Britain's answer to the Dalai Lama: how Prince Charles styles himself as a dissident

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The Independent Online

But now it emerges Prince Charles takes himself rather more seriously, regarding his interventions as the actions of a "dissident" campaigner standing up for unpopular causes.

Documents released in the High Court in London yesterday shine a revealing light into the psychology of the Prince who last year told an American TV journalist that the British people would only appreciate him after "I'm dead and gone".

Prince Charles, according to one of his former closest advisers, not only identifies with the Dalai Lama, the spiritual leader of the oppressed people of Tibet, but also believes it is his constitutional duty to tell government ministers what he thinks about the issues of the day.

In a legal case which appears to have spectacularly backfired, the Prince has gone to court to try to stop further publication of his private diaries after some of the contents were leaked to a national newspaper.

But yesterday lawyers for The Mail on Sunday, which had originally printed extracts from the diaries, decided to release a startling account of life inside the Prince's private office.

The written account by Mark Bolland, Charles's former deputy private secretary, details the extraordinary lengths that his former boss would go to have his opinions heard in the right places. Mr Bolland claims that the Prince saw himself as playing the role of a "dissident working against the prevailing political consensus".

To achieve these ends he frequently wrote to government ministers. And just so his staff are left in no doubt what his position was on any given issue of the day his letters and speeches were routinely circulated around his office for all to read. "I was always surprised that these letters were not treated as more private or sensitive and, indeed, was always surprised that they were written at all," said Mr Bolland in his statement.

But claims by the former royal aide go even further by suggesting that Prince Charles is engaged in overtly political activity that threatens his constitutional role. On one occasion, says Mr Bolland, Prince Charles did not attend a return state banquet thrown by Chinese President Jiang Zemin "as a deliberate snub to the Chinese because he did not approve of the Chinese regime".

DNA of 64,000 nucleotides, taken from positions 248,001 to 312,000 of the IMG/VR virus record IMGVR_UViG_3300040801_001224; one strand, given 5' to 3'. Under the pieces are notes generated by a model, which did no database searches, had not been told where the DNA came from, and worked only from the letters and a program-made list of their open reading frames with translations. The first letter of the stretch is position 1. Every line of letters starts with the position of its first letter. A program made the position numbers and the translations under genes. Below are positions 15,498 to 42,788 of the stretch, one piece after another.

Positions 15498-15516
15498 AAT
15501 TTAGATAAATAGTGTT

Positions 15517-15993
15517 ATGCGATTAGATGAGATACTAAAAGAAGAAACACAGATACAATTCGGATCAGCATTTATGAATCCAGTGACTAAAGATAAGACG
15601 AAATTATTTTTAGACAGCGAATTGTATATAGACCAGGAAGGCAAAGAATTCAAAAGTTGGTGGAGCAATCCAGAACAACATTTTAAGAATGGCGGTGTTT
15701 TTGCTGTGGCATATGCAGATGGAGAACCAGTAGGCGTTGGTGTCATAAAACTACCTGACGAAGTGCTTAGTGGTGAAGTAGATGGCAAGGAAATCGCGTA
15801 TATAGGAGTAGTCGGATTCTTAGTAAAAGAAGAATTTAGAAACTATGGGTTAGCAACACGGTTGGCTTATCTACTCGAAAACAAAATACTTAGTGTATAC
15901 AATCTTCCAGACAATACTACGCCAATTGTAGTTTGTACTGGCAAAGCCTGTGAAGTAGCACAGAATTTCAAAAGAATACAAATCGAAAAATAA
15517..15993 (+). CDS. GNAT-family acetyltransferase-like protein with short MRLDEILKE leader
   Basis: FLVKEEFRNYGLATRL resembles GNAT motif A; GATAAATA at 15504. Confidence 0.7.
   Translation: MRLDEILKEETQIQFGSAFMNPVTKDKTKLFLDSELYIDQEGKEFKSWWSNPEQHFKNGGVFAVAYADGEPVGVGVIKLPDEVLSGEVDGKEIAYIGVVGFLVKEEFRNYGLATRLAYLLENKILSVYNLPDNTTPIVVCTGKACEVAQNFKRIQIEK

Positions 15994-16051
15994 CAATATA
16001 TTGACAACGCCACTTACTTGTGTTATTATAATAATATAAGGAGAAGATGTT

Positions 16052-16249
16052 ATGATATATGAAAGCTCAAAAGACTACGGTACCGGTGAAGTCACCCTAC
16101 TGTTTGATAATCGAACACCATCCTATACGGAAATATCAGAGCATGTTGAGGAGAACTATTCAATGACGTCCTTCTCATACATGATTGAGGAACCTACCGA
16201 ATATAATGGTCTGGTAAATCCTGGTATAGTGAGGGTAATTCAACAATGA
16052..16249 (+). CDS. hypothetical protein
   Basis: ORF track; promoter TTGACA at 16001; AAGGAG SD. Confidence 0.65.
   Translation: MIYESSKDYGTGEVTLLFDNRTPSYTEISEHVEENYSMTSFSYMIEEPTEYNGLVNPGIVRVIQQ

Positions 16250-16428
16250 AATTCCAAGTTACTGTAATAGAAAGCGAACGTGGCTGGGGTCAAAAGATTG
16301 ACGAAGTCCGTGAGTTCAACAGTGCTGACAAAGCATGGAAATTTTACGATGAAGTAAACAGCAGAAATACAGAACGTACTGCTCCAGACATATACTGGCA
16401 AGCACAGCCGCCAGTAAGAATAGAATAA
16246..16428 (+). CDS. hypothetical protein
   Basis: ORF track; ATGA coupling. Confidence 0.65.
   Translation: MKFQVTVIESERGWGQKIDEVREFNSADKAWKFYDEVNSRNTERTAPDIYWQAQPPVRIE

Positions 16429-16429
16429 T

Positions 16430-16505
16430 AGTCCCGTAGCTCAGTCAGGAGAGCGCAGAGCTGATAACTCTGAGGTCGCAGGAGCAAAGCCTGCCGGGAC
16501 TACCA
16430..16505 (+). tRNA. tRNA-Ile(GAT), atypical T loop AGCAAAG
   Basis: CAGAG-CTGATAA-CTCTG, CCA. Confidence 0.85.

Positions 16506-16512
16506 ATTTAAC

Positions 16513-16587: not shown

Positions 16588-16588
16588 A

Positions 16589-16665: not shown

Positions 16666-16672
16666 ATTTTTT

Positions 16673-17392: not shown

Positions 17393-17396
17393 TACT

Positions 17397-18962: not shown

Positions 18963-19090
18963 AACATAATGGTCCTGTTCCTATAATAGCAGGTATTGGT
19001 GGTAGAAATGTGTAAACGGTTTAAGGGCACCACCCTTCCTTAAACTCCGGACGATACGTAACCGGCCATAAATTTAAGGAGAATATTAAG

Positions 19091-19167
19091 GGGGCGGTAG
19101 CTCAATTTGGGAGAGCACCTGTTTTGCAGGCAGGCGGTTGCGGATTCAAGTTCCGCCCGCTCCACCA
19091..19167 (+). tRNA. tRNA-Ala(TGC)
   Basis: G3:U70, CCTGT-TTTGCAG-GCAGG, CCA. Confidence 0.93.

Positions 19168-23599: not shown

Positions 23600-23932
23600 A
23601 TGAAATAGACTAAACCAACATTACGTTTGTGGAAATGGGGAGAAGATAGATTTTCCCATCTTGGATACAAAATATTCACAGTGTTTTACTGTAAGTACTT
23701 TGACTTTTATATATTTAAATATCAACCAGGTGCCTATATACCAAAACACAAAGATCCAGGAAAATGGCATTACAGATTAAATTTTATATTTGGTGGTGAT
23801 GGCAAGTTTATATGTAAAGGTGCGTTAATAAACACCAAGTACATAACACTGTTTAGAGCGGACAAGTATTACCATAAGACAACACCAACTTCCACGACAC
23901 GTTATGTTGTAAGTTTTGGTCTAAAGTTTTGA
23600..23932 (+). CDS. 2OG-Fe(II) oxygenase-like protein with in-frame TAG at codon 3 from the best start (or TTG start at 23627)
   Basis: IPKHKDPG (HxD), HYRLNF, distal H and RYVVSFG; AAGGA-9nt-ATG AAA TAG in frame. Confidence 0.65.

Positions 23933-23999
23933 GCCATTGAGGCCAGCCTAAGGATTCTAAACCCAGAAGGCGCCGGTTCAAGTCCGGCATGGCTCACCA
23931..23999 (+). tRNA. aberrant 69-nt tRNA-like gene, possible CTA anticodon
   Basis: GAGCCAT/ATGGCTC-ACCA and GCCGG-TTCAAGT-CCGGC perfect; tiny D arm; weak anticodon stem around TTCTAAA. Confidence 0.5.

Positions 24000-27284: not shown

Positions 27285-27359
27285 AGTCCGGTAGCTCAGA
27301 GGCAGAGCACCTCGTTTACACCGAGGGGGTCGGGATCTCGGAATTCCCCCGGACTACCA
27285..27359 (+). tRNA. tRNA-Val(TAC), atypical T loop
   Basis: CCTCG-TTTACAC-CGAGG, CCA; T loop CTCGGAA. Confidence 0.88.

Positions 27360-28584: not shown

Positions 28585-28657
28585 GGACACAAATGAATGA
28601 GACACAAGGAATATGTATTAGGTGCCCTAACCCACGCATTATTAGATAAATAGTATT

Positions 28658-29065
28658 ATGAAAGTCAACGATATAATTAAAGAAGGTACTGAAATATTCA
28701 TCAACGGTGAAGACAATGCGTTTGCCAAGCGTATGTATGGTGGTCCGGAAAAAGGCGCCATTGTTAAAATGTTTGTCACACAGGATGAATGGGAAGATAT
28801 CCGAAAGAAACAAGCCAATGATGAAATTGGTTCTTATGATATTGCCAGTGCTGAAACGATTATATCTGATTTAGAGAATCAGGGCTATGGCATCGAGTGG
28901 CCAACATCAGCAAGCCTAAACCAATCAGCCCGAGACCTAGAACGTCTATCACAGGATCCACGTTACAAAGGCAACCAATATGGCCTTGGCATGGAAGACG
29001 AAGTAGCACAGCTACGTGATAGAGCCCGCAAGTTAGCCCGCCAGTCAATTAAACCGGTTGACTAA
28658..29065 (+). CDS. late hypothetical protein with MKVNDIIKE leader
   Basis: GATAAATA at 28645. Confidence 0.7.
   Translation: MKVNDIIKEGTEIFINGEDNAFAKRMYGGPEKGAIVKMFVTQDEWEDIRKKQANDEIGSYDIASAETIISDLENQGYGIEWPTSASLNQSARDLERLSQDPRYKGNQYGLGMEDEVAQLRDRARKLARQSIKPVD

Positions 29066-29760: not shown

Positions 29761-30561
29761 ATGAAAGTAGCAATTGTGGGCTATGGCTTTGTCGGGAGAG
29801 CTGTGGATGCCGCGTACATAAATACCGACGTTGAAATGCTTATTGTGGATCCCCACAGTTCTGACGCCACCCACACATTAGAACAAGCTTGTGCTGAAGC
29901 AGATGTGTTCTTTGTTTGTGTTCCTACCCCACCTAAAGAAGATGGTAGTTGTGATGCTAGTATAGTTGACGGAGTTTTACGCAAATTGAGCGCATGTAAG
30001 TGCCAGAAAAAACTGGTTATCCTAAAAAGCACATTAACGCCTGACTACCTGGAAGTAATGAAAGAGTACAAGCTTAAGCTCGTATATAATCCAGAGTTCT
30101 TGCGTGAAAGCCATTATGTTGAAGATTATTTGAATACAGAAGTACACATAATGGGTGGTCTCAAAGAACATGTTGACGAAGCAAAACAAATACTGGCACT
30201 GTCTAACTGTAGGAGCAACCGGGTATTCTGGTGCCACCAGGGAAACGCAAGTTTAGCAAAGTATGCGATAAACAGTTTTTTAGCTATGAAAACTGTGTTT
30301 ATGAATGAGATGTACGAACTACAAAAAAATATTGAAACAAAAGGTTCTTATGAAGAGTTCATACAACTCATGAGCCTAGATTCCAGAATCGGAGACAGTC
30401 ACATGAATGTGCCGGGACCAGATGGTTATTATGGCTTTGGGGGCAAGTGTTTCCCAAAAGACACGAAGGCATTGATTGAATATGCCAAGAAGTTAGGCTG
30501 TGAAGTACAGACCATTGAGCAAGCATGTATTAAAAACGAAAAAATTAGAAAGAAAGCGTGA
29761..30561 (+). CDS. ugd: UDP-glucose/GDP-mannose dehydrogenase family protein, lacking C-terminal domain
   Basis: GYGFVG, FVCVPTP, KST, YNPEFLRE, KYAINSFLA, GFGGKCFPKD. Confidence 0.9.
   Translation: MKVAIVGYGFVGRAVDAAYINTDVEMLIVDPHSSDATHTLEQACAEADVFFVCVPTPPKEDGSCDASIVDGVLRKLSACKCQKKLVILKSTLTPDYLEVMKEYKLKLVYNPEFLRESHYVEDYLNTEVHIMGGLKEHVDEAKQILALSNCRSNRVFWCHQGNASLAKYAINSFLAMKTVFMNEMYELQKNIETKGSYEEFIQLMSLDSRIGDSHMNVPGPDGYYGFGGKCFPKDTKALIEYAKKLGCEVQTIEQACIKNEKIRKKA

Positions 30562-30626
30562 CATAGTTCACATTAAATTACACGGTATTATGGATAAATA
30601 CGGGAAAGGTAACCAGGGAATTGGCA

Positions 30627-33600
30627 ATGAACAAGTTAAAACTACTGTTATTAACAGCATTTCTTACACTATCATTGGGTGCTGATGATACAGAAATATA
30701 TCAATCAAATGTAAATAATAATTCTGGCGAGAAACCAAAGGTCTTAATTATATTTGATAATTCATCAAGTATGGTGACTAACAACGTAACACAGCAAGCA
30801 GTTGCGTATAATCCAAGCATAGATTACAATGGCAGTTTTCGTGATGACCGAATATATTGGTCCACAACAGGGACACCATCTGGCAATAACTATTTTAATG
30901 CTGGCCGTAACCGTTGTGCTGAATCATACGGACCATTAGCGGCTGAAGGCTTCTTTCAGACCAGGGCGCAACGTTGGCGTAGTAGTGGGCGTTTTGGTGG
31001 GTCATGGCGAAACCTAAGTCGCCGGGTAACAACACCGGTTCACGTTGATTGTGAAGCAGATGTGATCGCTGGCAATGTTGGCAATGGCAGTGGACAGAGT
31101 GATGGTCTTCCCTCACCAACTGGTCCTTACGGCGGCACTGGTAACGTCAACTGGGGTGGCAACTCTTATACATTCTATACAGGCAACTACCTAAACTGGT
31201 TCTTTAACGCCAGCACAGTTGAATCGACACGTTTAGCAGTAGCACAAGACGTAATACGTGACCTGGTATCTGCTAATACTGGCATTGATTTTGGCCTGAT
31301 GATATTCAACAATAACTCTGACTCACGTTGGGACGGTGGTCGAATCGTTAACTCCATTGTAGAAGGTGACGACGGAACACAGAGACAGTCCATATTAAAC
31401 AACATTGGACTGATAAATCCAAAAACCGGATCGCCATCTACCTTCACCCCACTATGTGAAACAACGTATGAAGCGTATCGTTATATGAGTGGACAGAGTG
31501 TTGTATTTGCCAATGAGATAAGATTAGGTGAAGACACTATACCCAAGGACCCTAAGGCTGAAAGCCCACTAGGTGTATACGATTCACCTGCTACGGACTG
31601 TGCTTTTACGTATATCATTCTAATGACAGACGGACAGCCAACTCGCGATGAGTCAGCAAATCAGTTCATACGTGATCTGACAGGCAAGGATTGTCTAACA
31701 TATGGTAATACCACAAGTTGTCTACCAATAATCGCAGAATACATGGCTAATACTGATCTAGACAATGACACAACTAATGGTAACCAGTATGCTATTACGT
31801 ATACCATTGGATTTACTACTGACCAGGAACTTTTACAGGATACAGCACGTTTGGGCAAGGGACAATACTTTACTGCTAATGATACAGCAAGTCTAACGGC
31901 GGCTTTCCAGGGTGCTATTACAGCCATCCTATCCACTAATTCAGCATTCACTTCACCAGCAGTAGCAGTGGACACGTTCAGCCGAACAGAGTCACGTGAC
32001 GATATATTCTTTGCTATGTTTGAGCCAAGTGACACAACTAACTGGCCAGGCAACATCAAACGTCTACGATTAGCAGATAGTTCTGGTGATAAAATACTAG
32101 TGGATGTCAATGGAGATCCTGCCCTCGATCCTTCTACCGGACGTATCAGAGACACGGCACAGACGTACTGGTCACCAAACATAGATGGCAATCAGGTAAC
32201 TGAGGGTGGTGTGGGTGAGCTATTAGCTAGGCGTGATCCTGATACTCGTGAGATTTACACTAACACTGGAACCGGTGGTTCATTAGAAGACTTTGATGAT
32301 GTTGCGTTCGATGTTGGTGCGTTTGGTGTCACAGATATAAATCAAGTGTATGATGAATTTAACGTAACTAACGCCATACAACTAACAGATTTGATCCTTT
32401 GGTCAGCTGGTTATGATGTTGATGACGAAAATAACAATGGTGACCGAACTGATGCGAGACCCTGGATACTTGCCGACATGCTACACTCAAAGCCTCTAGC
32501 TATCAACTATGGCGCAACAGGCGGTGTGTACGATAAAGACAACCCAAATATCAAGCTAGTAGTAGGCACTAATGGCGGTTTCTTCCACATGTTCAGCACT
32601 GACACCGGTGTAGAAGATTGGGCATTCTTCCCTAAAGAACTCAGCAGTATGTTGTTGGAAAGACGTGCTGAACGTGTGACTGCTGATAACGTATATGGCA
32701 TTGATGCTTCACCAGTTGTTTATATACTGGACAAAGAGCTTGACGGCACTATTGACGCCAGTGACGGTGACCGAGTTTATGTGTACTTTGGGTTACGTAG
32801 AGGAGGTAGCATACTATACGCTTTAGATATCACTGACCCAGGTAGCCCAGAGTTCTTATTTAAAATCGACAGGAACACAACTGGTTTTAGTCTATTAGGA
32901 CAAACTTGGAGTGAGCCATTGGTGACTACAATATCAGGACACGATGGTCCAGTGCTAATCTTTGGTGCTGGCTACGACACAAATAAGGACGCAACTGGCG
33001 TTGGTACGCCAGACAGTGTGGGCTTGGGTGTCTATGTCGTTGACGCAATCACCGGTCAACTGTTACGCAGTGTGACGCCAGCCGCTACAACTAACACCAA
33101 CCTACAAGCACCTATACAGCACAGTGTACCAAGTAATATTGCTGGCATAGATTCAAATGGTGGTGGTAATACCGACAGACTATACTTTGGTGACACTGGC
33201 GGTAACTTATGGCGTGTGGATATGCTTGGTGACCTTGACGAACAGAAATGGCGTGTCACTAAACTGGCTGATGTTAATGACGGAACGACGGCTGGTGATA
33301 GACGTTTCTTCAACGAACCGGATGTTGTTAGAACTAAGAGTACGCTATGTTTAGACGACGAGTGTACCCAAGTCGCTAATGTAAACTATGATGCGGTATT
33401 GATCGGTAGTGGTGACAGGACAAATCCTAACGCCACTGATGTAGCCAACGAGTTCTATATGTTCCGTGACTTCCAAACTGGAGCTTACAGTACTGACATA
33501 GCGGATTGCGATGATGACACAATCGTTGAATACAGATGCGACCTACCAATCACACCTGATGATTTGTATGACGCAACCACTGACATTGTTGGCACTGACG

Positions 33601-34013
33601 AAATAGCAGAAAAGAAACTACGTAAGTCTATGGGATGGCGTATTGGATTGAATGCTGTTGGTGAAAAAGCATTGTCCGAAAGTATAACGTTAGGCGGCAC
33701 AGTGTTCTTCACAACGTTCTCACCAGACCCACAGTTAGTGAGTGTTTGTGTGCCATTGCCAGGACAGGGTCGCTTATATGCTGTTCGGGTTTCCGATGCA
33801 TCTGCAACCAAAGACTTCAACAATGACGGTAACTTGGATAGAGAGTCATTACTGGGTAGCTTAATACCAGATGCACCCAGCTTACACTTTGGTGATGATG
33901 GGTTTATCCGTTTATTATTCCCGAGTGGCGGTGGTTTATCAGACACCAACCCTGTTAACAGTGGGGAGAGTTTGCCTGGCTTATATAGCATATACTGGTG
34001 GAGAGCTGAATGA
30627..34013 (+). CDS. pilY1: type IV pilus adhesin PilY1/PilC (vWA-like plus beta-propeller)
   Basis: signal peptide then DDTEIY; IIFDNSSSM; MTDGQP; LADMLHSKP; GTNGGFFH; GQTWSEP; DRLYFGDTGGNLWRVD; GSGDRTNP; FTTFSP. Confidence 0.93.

The Prince was aware of the political and economic importance of the state visit but "wanted to make a public stand against the Chinese". Prince Charles's skilful use of the media meant that the "snub" was well publicised in national newspapers.

Mr Bolland's statement continues: "Despite our best efforts, he did not always avoid politically contentious issues, if he felt strongly about particular issues or government policies. In fact, he would readily embrace the political aspects of any contentious issue he was interested in and this is an aspect of his role which the Prince saw as particularly important."

The Bolland document was only made public after Prince Charles's barrister, Hugh Tomlinson QC, told Mr Justice Blackburne that his client had decided not to pursue orders banning publication of Mr Bolland's witness statement.

Lawyers for the Prince hope to persuade the judge that the leaking of his private journals is a breach of confidence. But Mark Warby QC, representing The Mail on Sunday, told the court that the confidentiality laws which protect private lives simply do not apply to this case.

The hearing continues.

The real thing


Spiritual leader of Tibetan Buddhism. His struggle for a free Tibet has always been based on non-violent solutions.


Founded opposition party to the country's military junta in 1988. Has spent nine of the last 15 years under house arrest.


Released from Robben Island in 1994 after 27 years, his imprisonment drew attention to the struggle against apartheid.